& # 39; This defendant has no credibility whatsoever and his condolences go up here today, as I would suggest, many deaf ears because they have no real significance & # 39 ;, said assistant prosecutor Don Cox in court.

& # 39; If he is sorry, it is a regret that he was convicted by this jury and he is being convicted here today. & # 39;

The disgraceful doctor would have gotten angry after Azamoun crashed his 10-year-old son on a rabbit ramp, which led to the violent argument

The disgraceful doctor would have gotten angry after Azamoun crashed his 10-year-old son on a rabbit ramp, which led to the violent argument

The disgraceful doctor would have gotten angry after Azamoun crashed his 10-year-old son on a rabbit ramp, which led to the violent argument

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A tearing Caryn Azamoun, the victim's mother, explained to the judge during Caruthers' conviction that her son is still suffering from nightmares and paranoia as a result of the actions of the 47-year-old.

Caryn read a letter to her son Caryn and said: & # 39; [Caruthers attack] has hit me in more than one way … [I am bothered by] repeated nightmares, visual and auditory triggers to ski or ski references snowboarding and paranoia, & # 39; the NJ Herald said

Caruthers previously served probation after allegedly attacking a man in Maryland in 2010 – a case later cracked the reputation. He was involved in an argument with a demonstrator in 2013, but the case was later rejected.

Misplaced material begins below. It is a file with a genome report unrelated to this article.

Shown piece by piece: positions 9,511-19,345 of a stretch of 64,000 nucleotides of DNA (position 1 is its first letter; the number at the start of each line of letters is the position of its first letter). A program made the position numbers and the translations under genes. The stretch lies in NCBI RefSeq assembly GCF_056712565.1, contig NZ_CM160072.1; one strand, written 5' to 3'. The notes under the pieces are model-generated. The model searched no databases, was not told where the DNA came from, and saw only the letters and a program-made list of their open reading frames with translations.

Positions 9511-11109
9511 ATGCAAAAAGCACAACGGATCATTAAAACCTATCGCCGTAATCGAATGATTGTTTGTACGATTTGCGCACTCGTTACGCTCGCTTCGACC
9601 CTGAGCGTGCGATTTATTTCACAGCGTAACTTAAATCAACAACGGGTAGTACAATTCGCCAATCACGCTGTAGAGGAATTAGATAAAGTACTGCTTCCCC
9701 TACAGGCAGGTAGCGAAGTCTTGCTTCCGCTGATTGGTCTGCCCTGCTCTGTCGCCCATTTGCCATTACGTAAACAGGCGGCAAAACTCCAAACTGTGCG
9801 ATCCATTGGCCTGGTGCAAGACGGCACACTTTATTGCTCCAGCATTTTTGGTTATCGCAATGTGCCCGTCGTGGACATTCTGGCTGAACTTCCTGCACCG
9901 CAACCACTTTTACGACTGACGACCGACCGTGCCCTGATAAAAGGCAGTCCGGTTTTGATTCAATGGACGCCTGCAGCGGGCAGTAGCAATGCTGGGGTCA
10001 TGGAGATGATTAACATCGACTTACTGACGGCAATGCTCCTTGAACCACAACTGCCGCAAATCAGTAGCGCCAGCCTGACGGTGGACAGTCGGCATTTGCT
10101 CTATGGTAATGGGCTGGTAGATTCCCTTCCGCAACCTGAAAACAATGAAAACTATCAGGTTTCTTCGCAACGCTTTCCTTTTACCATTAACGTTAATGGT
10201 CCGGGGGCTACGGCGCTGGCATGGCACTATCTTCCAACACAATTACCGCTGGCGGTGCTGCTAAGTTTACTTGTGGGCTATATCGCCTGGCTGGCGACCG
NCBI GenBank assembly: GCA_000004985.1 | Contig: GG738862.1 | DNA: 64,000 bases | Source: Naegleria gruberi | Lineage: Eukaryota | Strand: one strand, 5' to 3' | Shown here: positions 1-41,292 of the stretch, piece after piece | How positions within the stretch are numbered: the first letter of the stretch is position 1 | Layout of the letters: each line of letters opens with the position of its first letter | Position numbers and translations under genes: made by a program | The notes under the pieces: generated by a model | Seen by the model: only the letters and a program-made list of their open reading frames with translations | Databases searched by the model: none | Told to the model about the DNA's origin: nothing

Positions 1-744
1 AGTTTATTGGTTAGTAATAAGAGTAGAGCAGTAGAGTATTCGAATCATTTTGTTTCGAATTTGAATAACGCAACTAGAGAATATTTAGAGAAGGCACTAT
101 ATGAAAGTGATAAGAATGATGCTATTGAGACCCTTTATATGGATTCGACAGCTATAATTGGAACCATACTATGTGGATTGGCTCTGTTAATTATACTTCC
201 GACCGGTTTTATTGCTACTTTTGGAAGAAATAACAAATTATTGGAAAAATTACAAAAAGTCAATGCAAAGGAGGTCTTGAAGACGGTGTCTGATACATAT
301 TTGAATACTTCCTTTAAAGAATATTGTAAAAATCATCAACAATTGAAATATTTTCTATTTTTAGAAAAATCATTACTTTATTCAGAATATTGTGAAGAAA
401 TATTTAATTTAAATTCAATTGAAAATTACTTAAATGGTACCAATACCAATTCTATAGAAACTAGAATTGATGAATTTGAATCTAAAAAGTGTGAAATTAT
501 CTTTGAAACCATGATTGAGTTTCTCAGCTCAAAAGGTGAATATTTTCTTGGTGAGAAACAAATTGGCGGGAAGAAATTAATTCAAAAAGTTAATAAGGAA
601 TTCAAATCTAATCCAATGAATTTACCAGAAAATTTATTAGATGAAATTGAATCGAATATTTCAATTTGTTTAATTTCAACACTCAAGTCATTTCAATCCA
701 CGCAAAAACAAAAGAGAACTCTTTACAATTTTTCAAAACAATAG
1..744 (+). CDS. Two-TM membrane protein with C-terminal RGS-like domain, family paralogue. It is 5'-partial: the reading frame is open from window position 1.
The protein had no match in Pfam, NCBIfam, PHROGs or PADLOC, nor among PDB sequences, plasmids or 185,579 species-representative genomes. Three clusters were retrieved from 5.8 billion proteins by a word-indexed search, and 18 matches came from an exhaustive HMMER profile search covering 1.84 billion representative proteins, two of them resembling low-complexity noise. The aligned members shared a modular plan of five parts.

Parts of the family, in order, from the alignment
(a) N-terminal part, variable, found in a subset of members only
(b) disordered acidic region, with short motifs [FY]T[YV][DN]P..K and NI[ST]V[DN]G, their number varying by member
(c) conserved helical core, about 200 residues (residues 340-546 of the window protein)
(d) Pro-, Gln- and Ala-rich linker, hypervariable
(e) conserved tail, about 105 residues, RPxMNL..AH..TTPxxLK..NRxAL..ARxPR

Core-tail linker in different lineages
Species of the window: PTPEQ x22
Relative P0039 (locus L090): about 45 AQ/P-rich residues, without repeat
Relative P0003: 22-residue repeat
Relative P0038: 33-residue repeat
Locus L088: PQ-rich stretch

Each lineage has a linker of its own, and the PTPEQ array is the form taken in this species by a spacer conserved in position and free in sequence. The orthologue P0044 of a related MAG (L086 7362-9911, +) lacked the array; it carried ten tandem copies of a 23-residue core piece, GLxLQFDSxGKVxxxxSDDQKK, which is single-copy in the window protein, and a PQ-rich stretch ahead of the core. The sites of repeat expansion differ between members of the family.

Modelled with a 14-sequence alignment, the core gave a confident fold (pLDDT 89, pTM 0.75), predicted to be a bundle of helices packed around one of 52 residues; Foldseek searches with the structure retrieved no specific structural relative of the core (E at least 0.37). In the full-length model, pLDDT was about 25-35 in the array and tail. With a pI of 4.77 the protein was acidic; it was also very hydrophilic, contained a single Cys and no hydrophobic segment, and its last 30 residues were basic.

In a 45-minute speech to Caruthers, the judge said that he was taking his actions on the slopes as & # 39; an act of aggression and anger & # 39; not the self-defense he had previously claimed during the hearing.

Caruthers was convicted in April of a third-degree child in danger, assault and fourth-degree illegal possession of a weapon.

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In addition to the total time of 72 hours in prison, served over a three-year period, he serves a probationary period of three years for each of the three charges for which he has been convicted.

A probation period of two years will also be served for an unauthorized person who commits a violation of a simple attack, whereby both probation conditions are implemented simultaneously.

Caruthers will have to undergo a thorough personality and psychological assessment, follow an anger management course, undergo 200 hours of community service, and pay various court fines and fees.

Passing the sentence, Critchley acknowledged that a state prison sentence had an & # 39; exaggerated response & # 39; would have been, taking into account all aspects of the case.

The Attorney General's office will now consider withdrawing Caruthers' medical license or not.

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He currently has three active medical offices in Hamburg, Hackettstown and Boonton.